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One in Two Consumers Now Feel British Food is Better Quality Post Horse Meat Scandal

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One in Two Consumers Now Feel British Food is Better Quality Post Horse Meat Scandal

One in Two Consumers Now Feel British Food is Better Quality Post Horse Meat Scandal
March 26
11:48 2013

The horse meat scandal, which broke in January 2013, has once again put the spotlight on the sourcing of food, with concerns raised over the way in which meat from overseas has entered the UK f ood chain. And new research from Mintel reveals that the scandal has already made its mark on British consumers when it comes to food provenance as buying British, local and regional food grows in importance among today’s consumers.

In an exclusive report looking at provenance in food and drink, consumer attitudes were compared pre-horse meat scandal (Dec 2012) and post revelations (Mar 2013). The research found British origin continues to rise in importance among the nation’s shoppers, indeed, in December 2012 four in ten (40%) Brits agreed that British food was better quality than imported food, in just three months this figure has risen to one in two (49%). 

In addition, Mintel asked consumers about factors which would influence their buying choice in food and non-alcoholic drinks – British origin (34%) was the most important issue to shoppers- a figure which had risen from three in ten (30%) at the end of  2012.  Being of local origin has also risen in importance, from 17% in 2012 to more than one in five (21%) in March 2013. Regional, likewise, saw a rise up from 10% in December 2012 to 14% in March 2013.

Amy Price, Senior Food and Drink Analyst says: “The importance of food being British has leapt in popularity in the wake the horse meat scandal. The food industry is likely to feel the effects for some time, with consumers taking a greater interest in British and local origin and a more proactive stance on questioning the provenance of their food. The horse meat scandal has re-affirmed consumers’ faith in the quality of British-produced food.”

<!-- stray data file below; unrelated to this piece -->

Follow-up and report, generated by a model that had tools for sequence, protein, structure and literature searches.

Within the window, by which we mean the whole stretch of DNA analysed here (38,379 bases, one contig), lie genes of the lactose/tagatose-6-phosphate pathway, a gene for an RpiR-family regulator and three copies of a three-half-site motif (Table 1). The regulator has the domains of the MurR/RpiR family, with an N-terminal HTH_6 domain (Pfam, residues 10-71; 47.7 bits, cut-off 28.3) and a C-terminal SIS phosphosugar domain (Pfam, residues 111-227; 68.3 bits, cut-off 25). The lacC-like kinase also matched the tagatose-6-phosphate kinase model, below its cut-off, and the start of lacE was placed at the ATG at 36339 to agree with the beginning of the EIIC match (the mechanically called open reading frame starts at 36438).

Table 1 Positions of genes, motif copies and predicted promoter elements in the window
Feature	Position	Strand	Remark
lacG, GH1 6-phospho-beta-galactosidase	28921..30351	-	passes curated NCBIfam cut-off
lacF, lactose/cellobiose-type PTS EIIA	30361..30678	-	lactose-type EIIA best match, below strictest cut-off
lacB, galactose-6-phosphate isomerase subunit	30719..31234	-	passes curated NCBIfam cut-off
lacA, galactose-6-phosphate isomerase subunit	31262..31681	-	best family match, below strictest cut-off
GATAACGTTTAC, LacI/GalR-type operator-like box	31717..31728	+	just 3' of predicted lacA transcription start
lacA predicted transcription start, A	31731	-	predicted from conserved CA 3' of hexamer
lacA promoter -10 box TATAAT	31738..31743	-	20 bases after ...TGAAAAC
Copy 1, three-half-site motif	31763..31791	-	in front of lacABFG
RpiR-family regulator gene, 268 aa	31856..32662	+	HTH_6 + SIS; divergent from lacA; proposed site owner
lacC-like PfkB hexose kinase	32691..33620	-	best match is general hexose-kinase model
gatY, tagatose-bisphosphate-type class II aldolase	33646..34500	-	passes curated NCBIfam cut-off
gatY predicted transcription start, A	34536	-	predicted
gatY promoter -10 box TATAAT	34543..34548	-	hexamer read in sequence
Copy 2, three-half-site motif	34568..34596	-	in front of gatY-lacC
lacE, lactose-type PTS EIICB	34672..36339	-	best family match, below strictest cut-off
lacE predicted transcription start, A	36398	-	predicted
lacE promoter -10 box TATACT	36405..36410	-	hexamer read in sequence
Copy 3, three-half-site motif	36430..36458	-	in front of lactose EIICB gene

While ‘traceability’ is only of concern to 14% of British shoppers, this latest research shows it is an issue which has shown the greatest increase in importance amongst today’s more savvy consumer – a figure which has risen from just 6% in three months.

“Even in the aftermath of the horse meat scare, traceability as a key choice factor is far behind, for example, British origin. This indicates that British origin is seen by consumers to provide the most effective shortcut to reassurance, when considering various food issues.”

Amy Price continues: “Focusing on promoting transparency to consumers, either through proving British sourcing through logos such as the Red Tractor or through placing greater emphasis on traceability, as well as communicating steps that are being taken to shorten or tighten the supply chain would likely resonate with consumers in the current climate, helping to build credibility and restore trust among consumers.”

Not only is British origin growing in importance, but consumers are also becoming more passionate about supporting British farmers and growers. Three quarters (74%) of all consumers feel it is the duty of the retailers to support British farmers and growers – up from (68%) in December 2012.

But while the nation grows more interested in British food – the consumer has become ever more suspicious about the food on their plate – almost seven in ten (68%) Brits admit it is hard to know when food is really British, up from 59% in December 2012. Despite this questioning, today, a third (33%) of the nation say that they are willing to pay more for food and drink with a ‘made in Britain’ label – a figure which has risen from a quarter (24%) back in December 2012.

“The fact that consumers are willing to pay more for British produce in these difficult financial times is extremely encouraging for British food producers. British growers and producers should emphasise these tangible benefits in their marketing messages in order to remind consumers of the positives attributes of buying British,” she concludes.

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